I’ve had the pleasure of talking with two people, each conversation and relationship completely independent of the other, in the past few weeks, both of whom were reared in the Orthodox branch of the Christian faith. If you are not familiar with Orthodoxy, their worship services are incredibly rich, symbolic and meant to invoke a sense of mystery; a “typical” Sunday service would be several hours in length and involve chanting, worship leaders going to and from the altar which is hidden behind a screen or iconostasis, incense and many other elements. Both of these former Orthodox worshipers now worship in a United Methodist church. They have made the move from one tradition to another for varied reasons, but both love the tradition from which they come. And both – very aware of what I do for the United Methodist family – were reluctant to say anything that I might receive as a criticism. But both, after conversation, confessed the same thing. Much as they love things about their new church home, they are worried that we (United Methodists and most Christians around them since Orthodoxy, while in the USA, is primarily to be found in eastern Europe, the eastern Mediterranean world, and Russia) are “too casual” about approaching God. “God opened his heart to us in Jesus but we can act so casual about it, “one of my friends said. “I want to show respect when I approach the Most High.”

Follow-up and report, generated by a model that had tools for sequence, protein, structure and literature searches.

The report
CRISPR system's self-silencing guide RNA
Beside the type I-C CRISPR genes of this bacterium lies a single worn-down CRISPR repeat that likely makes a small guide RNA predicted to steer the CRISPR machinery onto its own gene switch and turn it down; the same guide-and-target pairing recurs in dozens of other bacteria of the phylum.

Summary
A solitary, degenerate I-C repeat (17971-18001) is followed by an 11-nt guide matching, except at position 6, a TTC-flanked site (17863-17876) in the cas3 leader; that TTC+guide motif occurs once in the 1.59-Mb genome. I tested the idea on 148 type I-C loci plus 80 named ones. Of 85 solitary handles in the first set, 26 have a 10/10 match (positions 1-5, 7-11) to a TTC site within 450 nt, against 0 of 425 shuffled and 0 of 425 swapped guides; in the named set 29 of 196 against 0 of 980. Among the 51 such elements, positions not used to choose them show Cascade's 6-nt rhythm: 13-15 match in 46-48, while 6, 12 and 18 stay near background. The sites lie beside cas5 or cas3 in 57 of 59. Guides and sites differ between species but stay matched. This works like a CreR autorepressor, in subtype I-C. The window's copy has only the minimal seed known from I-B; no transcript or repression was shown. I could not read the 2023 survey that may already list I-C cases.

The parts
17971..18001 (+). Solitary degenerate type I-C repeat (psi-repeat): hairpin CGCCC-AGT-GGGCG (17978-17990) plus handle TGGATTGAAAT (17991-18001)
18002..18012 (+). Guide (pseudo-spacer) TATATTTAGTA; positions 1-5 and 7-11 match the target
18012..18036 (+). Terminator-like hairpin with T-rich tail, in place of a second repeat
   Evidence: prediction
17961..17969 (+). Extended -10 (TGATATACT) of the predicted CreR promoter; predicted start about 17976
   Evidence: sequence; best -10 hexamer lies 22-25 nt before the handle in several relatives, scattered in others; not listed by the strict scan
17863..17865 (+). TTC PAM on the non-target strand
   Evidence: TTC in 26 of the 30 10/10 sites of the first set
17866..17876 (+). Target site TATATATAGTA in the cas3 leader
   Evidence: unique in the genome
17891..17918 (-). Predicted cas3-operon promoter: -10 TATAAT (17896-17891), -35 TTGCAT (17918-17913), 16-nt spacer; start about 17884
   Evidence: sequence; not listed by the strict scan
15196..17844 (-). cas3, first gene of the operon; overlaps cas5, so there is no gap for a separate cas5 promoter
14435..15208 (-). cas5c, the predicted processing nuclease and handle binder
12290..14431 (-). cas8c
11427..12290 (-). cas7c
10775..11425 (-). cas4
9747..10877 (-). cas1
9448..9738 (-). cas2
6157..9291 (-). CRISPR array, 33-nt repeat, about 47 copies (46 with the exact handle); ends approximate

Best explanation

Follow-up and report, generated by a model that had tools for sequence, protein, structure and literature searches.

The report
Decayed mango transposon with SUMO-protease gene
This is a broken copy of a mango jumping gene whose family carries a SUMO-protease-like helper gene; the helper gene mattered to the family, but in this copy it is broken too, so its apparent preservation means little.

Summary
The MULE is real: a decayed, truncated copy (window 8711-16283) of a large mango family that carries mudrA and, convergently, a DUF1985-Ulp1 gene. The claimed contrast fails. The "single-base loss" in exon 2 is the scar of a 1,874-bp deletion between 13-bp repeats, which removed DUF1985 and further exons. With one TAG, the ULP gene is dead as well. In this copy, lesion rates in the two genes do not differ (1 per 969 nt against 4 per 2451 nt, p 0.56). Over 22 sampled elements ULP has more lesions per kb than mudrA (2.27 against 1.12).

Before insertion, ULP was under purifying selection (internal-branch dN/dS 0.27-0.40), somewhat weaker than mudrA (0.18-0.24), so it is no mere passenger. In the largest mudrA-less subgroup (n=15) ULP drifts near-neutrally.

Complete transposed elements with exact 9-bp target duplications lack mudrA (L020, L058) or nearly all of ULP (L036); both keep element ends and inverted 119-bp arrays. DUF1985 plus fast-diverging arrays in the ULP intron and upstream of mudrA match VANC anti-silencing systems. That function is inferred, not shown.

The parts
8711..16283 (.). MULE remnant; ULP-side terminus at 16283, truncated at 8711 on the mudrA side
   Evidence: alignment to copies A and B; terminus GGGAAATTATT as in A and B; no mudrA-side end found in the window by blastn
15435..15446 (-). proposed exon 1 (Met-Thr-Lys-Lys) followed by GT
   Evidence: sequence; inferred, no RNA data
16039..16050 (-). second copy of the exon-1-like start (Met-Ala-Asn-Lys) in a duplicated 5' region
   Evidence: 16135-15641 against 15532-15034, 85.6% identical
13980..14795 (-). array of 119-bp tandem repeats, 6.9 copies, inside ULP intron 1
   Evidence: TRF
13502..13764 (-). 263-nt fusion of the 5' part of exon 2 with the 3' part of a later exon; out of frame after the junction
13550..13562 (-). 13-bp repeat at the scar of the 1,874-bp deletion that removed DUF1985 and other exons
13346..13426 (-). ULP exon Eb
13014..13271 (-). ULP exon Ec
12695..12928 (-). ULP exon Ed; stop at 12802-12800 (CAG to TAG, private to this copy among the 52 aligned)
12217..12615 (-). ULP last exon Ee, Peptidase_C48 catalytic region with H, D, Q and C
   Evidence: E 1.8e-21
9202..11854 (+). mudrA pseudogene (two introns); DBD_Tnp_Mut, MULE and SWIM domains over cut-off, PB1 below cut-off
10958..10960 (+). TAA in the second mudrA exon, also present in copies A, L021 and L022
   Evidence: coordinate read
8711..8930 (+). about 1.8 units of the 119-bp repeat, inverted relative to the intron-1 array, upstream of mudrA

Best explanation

And so we had a discussion about incarnation: God “condescending” in ancient language to enter human life. We don’t use that sort of language often but I think it holds a certain truth for us: we are redeemed because God with infinite compassion reaches out (or condescends) to us in Jesus.
I recently read a part of Marilyn Chandler McEntrye’s Christ, My Companion where she quotes Jonathan Edwards, a Puritan pastor from early in our country’s history: “There do meet in Jesus Christ infinite highness and infinite condescension.”
As I contemplate what that means, I cannot help but be thankful that the God of the Universe enters human life, and in the entering redeems us and all our experiences. God comes out of infinite goodness; God comes with (to quote an Orthodox prayer I love) “sweet condescension.”
May we live in the joy and hope of that God, come to us and coming again, in Jesus.
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